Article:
US companies started to reduce the number of vendors they dealt with, consolidating
their outsourcing to a few mid-sized or large players which made things even
more difficult for the young company. Soon after we formed ICICI Infotech
in 1999, there was a technology meltdown in developed countries. So we had to
build ourselves purely on service strategy using a solutions-based approach
and with less dependence on developed countries, says Srinivasan.
So the company decided to grow not only organically, but also by using business
acquisitions and expansion. It got into the process by acquiring Rohan Software
in 1999 followed by Ivory International and Object Xperts in year 2000. It went
on to acquire more companies in the following years.
While setting up the company one of the major challenges faced was the capital
expenditure for setting up global offices. Creating a market presence
was one of the challenges faced by our company in its initial period,
Another challenge was that the company, which served only the banking sector,
was now exposed to a wide range of business verticals. Also, as the company
tried to get a global footprint, it faced many issues. These included dealing
with a multicultural team, product localisation and fulfilment of regulatory
requirements in particular countries.
After substantial growth, the company decided to adopt the de-risking strategy
with a bigger portfolio and made its foray into software products. Says MB Battliwala,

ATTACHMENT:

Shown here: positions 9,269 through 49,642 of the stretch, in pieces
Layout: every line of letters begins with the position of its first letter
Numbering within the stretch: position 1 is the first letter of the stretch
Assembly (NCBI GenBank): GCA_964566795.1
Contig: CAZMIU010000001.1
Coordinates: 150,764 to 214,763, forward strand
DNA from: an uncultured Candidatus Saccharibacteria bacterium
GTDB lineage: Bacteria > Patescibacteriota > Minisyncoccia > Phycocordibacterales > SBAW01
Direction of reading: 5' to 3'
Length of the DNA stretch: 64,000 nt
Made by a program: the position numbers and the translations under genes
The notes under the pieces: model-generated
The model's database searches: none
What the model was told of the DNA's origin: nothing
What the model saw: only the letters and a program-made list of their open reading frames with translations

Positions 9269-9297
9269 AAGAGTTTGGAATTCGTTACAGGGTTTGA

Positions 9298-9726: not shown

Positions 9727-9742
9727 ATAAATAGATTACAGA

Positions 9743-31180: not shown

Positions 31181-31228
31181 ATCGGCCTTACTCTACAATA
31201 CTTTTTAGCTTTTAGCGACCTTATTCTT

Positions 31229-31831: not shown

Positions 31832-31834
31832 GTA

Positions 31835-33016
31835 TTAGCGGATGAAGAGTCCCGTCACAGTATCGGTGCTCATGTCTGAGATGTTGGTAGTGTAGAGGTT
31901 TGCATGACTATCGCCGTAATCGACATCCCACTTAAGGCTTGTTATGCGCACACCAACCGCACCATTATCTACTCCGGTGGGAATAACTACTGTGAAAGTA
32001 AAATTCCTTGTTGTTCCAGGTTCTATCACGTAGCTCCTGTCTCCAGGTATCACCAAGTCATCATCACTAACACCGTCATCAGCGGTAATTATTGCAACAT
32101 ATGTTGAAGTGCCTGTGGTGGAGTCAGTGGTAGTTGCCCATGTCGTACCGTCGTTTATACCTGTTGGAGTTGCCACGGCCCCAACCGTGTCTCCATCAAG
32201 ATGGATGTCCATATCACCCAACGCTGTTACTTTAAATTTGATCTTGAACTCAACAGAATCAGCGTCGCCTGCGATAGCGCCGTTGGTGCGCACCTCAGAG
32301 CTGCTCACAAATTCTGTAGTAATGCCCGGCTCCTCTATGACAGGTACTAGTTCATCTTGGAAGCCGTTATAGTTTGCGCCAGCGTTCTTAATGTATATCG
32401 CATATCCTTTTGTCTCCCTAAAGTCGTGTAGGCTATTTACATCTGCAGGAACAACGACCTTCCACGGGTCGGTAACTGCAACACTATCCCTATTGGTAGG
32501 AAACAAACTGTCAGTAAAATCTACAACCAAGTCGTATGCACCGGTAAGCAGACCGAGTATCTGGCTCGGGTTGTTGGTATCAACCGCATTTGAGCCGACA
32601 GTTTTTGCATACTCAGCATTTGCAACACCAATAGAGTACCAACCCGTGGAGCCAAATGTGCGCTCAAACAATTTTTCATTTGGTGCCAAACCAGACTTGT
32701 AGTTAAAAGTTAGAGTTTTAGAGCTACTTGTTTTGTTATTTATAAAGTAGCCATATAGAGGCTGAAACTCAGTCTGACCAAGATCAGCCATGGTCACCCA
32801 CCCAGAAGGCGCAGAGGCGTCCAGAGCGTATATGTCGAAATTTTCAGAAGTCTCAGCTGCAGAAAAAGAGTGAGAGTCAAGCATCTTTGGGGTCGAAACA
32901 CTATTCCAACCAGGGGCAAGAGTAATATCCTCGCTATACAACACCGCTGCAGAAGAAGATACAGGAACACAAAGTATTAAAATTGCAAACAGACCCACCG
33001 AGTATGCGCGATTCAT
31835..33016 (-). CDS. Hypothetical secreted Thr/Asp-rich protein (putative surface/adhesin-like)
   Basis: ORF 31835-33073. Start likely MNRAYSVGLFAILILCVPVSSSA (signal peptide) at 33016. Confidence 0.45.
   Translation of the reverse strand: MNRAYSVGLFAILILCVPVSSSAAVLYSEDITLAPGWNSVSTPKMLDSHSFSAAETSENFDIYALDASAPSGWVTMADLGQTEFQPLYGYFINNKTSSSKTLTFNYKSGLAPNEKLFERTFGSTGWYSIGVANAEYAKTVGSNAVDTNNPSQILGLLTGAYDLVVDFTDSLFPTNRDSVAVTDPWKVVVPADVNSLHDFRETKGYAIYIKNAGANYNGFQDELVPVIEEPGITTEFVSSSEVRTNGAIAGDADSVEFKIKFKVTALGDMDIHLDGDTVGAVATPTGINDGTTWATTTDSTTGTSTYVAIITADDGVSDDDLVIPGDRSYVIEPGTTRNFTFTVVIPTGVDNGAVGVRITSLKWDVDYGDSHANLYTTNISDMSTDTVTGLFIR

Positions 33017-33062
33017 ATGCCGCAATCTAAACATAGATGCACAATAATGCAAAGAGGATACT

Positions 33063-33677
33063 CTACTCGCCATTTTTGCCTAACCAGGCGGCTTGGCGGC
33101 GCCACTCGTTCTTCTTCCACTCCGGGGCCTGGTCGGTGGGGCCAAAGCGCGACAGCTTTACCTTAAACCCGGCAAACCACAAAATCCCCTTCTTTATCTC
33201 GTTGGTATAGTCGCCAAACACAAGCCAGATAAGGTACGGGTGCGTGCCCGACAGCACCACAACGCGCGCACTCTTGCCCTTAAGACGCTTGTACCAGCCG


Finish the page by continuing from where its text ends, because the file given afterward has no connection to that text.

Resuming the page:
Head, Global Marketing, 3i Infotech, Our company has successfully de-risked
its operations by spreading them across various geographies and products, and
A Name To Reckon With
Six years down the line, the company has made its presence felt directly and
through channel partners with development centres in Chennai, Bangalore and
Mumbai. It has a global presence in the USA, the UK, the UAE, Kazakhstan, India,
Singapore, Malaysia, Thailand and Australia.
Today the company has over 2,300 employees. Its client portfolio includes the
parent group ICICI Bank companies as well as over 500 customers from 45 countries.
The company offers IT services and software products to banking, insurance,
capital markets and ERP for manufacturing, retail, distribution and contracting.
It has also distinguished itself as a model worth emulating for many of todays